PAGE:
In recent weeks CIA-operated drone strikes have increased on Pakistan’s tribal areas, resulting in more civilian casualties than the targeted militants. Besides a perennial wave of these attacks, in one of the atrocious strikes, 18 missiles by the US eight spy planes killed 16 innocent people on February 2 at a village in North Waziristan raising the death toll to 31.
In the last three years, more than 800 innocent civilians, and only 20 Al-Qaeda commanders including top militant leader Baitullah Mehsud had been killed by these unmanned air vehicles, while death of Hakimullah Mehsud has also been confirmed by the US special envoy Richard Holbrooke.
Despite the protest of Pakistan’s civil and military leadership, and assurance of some US high officials, especially Richard Holbrooke so as to stop these drone attacks, this campaign has intensified under the Obama Administration. In this regard, the US defence budget for 2011 seeks more funds to enhance drone operations by 75 per cent. Chairman of the US JCS Admiral Mike Mullen stated that with this funding, we would increase the attacks by the unmanned Predators.
Islamabad has repeatedly said that strikes by the pilotless aircraft are likely to affect war against terrorism in the country, particularly the ongoing military operations which also include the most volatile tribal area of South Waziristan, but American policy makers do not bother for any internal backlash.
Notably, on January 22, 2010, The New York Times indicated: “the C.I.A. is expected to double its fleet of the latest Reaper aircraft—bigger, faster and more heavily armed than the present Predators…by extending these strikes to Balochistan.” The Times also realized that the drones undermined the larger war effort.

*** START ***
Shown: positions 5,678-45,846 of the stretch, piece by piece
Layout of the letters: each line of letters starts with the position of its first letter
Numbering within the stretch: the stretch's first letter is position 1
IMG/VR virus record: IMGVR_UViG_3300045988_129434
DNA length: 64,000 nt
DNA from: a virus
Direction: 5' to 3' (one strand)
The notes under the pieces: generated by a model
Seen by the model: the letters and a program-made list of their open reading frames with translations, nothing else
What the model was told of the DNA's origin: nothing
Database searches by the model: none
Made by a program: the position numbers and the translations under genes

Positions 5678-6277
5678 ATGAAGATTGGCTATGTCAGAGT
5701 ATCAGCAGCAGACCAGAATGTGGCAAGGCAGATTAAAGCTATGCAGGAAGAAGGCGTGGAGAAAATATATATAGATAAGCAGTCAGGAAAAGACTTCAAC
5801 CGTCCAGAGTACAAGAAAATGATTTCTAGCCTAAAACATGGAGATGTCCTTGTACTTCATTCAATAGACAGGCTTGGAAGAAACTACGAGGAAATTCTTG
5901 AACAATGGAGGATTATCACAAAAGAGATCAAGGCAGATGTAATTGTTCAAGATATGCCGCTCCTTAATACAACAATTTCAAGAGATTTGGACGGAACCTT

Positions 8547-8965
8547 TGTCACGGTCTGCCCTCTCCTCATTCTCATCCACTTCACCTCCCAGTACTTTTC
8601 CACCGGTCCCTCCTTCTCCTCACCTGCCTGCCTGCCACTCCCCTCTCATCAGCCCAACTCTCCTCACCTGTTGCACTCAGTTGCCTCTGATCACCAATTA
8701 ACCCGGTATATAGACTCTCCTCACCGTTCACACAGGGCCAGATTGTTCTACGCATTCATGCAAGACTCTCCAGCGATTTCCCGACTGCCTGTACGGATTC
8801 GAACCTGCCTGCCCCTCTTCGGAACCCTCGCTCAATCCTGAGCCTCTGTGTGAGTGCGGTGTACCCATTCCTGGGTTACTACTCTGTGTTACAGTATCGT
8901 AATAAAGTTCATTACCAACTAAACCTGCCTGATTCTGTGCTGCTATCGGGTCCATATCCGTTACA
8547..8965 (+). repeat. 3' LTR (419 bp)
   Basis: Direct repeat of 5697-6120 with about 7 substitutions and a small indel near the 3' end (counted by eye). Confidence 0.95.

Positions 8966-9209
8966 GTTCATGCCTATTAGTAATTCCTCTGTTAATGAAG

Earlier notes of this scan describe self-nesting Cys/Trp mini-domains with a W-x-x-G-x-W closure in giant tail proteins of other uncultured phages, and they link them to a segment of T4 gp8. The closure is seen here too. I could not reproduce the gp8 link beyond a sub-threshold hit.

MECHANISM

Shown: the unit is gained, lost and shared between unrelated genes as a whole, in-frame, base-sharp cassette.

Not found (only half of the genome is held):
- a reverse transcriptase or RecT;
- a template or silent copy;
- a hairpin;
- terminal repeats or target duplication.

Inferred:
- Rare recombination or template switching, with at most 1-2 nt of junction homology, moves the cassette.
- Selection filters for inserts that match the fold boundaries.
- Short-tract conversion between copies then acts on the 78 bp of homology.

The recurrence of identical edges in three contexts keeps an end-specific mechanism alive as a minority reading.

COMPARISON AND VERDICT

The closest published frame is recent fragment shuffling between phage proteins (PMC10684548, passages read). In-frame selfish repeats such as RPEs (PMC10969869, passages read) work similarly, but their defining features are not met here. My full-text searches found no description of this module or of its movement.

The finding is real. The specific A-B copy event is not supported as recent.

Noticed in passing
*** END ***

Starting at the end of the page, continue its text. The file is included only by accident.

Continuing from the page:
Nevertheless, a continued wave of drone strikes in the tribal areas and prospective attacks on Balochistan will bring about dire consequences for Pakistan and the US itself.
First of all, attacks by US spy planes are likely to sabotage successes achieved by the ongoing military operations in Swat, Buner and Dir where pocket, particularly in South Waziristan where these military actions have commenced in the recent. At this critical juncture, when Pakistan has been facing a perennial wave of suicide attacks, the drone strikes are causing panic among the dwellers. Inclusion of Balochistan will further deteriorate the situation due to internal backlash in whole of Pakistan, resulting in public protests-moderates will join the radicals. Such a blunder will further organise and increase the number of Pakistani Taliban as majority of the Pakhtoons are likely to join them. However, in that scenario, suicide attacks are likely to increase in our country. While resentment against America could be judged from the fact that in the recent weeks, two US drones were shot down by the tribesmen.
More significantly, air strikes in Balochistan will lead to sustained Taliban attacks on the NATO supply lines through the Chaman border in Balochistan province, while until now, attacks have mostly focused on the northern route running through the NWFP.
Besides, by playing a double game with Islamabad, under the pretext of Talibanisation and lawlessness, America may also demand to send NATO troops in Pakistan, alleging that nuclear weapons are hpw not safe there. In that situation, even our armed forces will be compelled to stop military operations, while the democratic regime will be forced to leave the US war against terrorism.